Arctic

Farming in the Arctic? Not exactly, but a visit from the federal Farm Service Agency head prompts talk of possibilities

Food security priorities need to be shaped and developed by locals, with the support of others outside.

That was the takeaway from a recent trip by U.S. Department of Agriculture Farm Service Agency officials around the state, with stops in Kotzebue and Kivalina.

"What they got from us were the needs, most especially with food security," said Kivalina Mayor Austin Swan Sr. "We told them what we do and how we are trying to adapt to changes in the climate."

Washington, D.C.-based Farm Service Agency Administrator Val Dolcini took a whirlwind tour of Alaska last week with Danny Consenstein, director of the agency in Alaska.

[With the climate changing, UAF researchers look to spring wheat as a potential crop]

The group traveled to Delta and other villages and stopped by the Alaska State Fair in Palmer to recognize the farm family of the year and check out the extra-large Alaska-grown produce the event is famous for.

"I think (it was important) for Val to see physically what it looks like, to walk around and see the land, thinking, 'Wow, could you grow anything here?' " said Consenstein.

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As someone who has lived for years in the state and is familiar with many of the unique challenges growers are faced with on its varied landscapes, Consenstein said he hoped the out-of-state administrator would get a taste of Alaska by traveling around.

"Washington, D.C., is not going to come up with the ideas or solutions or answers to food security challenges," he said. "They're going to have to come from the people in the region, and they should. They're smart and creative and innovative and hardworking, and I think that kind of opened up his door."

In Kotzebue, the representatives visited Arctic Greens to see how the hydroponics operation is faring, now several months after it started producing greens to sell locally.

[Hydroponic farm in a box offers portable, year-round crop growing]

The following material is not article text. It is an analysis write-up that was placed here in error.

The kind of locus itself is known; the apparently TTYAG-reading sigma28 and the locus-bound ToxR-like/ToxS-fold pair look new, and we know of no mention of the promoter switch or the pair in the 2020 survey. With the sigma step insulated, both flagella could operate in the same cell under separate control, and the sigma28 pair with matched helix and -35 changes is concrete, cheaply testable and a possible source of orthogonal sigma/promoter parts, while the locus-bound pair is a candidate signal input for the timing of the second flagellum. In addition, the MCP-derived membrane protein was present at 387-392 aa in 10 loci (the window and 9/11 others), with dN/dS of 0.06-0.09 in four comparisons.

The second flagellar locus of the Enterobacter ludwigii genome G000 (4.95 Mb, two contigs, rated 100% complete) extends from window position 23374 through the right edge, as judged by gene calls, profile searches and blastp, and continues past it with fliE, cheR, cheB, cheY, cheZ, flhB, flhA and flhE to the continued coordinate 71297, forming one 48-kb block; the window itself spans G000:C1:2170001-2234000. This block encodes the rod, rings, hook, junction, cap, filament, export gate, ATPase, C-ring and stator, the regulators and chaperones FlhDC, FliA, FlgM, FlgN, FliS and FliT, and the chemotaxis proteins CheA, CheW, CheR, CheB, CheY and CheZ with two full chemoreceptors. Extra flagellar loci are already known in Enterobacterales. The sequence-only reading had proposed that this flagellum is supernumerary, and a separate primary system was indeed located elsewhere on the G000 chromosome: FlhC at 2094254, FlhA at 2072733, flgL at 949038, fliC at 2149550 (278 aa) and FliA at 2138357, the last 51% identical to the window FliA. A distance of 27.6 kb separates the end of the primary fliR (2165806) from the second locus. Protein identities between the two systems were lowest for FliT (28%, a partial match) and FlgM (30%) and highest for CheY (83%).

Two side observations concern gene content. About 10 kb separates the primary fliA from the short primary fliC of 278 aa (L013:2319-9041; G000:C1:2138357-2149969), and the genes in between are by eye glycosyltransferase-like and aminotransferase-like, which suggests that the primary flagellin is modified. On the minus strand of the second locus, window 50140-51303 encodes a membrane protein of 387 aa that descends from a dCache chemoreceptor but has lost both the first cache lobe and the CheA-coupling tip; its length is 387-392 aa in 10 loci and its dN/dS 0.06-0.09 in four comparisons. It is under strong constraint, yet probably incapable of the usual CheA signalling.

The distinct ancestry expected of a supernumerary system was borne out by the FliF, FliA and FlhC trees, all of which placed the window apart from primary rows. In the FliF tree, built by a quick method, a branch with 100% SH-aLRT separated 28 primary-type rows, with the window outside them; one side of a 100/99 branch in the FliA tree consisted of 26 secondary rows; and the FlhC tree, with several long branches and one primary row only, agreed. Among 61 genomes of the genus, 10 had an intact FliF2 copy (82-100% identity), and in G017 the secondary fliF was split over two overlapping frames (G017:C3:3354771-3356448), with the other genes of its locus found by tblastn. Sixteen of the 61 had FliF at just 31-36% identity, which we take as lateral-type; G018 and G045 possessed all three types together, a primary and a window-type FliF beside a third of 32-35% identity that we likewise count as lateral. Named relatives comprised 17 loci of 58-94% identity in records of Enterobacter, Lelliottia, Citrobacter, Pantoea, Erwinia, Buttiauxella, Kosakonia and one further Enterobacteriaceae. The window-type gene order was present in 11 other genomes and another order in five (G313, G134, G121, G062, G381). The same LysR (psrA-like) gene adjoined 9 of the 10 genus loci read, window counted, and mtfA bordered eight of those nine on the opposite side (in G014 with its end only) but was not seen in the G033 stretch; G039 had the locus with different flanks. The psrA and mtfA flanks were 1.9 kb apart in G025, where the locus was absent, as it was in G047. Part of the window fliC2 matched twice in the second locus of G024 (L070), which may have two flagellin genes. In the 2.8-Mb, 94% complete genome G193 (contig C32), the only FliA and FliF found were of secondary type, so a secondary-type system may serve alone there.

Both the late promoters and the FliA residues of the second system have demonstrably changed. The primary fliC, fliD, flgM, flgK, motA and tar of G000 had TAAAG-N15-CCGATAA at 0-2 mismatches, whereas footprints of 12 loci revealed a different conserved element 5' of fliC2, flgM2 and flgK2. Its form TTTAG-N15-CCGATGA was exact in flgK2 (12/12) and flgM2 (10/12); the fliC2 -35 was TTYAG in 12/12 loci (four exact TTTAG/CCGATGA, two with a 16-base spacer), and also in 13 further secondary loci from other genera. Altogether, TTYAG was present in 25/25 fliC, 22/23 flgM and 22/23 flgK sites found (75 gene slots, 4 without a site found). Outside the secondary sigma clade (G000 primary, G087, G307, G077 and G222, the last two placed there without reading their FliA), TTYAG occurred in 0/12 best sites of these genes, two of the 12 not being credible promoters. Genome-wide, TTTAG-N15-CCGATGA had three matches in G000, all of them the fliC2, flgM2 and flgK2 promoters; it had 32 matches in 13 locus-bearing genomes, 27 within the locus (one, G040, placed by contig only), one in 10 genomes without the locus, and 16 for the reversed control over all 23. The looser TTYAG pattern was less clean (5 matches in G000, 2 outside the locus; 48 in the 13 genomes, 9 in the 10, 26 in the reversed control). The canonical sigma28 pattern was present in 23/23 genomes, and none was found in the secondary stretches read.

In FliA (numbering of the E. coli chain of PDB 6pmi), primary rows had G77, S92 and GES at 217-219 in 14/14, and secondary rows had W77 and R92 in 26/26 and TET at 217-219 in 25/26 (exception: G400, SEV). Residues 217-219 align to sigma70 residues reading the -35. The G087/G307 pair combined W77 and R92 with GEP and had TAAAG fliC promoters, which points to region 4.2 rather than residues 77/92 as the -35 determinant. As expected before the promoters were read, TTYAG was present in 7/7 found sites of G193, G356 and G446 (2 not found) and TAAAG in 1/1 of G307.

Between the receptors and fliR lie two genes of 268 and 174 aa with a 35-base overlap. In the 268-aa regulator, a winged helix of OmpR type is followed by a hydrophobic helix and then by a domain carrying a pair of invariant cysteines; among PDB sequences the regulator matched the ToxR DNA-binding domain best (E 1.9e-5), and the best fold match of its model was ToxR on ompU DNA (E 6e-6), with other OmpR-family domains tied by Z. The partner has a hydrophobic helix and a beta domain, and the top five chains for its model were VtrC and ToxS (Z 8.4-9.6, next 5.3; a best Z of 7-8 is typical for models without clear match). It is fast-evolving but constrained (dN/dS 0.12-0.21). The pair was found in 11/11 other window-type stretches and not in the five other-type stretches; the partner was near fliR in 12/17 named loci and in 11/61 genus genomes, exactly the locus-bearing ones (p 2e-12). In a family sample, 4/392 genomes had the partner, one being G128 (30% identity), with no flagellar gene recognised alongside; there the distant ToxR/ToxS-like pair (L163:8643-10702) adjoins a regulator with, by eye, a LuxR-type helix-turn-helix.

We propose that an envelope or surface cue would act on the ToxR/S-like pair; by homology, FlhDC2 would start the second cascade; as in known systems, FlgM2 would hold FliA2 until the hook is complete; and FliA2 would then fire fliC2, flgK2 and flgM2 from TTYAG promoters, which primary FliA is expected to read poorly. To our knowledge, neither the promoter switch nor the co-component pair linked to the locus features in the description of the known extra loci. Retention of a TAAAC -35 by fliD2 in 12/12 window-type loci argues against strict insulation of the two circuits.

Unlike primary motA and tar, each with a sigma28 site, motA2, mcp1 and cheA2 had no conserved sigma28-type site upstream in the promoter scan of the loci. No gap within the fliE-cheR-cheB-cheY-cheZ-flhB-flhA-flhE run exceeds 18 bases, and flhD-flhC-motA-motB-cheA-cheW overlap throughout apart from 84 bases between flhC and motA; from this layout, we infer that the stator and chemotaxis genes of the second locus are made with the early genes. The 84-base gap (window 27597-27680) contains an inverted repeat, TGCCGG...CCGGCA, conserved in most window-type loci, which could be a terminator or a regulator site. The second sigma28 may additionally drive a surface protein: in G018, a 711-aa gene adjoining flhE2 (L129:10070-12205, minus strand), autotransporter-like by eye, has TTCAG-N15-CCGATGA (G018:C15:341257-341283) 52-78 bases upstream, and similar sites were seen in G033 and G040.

Farther north in Kivalina, they walked around the village, speaking with locals including Mayor Swan and one intrepid gardener, Colleen Swan.

"Once you learn how to garden, it's not so hard to do it. There are some food items that grow really well up here, like radishes and carrots. Radishes are really good. Potatoes grow in a good season, even cabbage and lettuce," said the mayor. "The summers are starting to be longer. We have an early spring now and that helps a lot, I think, for beginning a garden."

Shifting seasons are just one of the challenges residents here must learn to adapt to as climate change reshapes the land and its environment.

For outsiders, recognizing the importance of subsistence alongside grown food is key, Consenstein said.

"It's a huge part of their food security equation. Even without climate change, it's still a challenge to feed yourself there. But then, putting climate change impacts on top of that and the access to traditional subsistence foods making it even more food insecure, I think that really did strike (the administrator)," he said.

Although USDA programs are constrained by budgets and decisions made in Congress and the Farm Service Agency is dependent on the Farm Bill, there may be a way to move from the more cookie-cutter programs to developing ones that are more applicable to Alaska.

"How can you find some more flexibility and creativity in our programs to fit into a place like Kivalina? I think he has the door open to Alaska, whether it's in Kivalina or in Delta or in the Mat-Su with ideas on how to make programs fit better with unique challenges that people in Alaska face," Consenstein said.

[Hydroponics business brings local produce to Kotzebue]

Finally, with relocation on the horizon for villages like Kivalina, Shishmaref and Newtok, he said he hopes food security and food options will be a key part of local discussions about where to move.

"I think there's an opportunity for communities that are relocating to be strategic about where they put their village in terms of food," he said. "Will this be a place where there will be better soil to grow turnips and potatoes and foods that have roots in tradition?"

Locals are already starting to pinpoint the differences. In Kivalina, a site they are considering would put them about 7 miles inland from the current village.

"The distance to our subsistence activities, some of them would be further away, some activities off the ocean in the spring. That would be a big difference for us," said Swan.

Ultimately, bringing together locals who have the knowledge of their land and their needs with outside organizations with access to programs and grants may ease some of the challenges coming ahead.

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More information about the Farm Service Agency and the grants and programs it facilitates in Alaska can be found at fsa.usda.gov/state-offices/Alaska/index.

This story first appeared in The Arctic Sounder and is republished here with permission.

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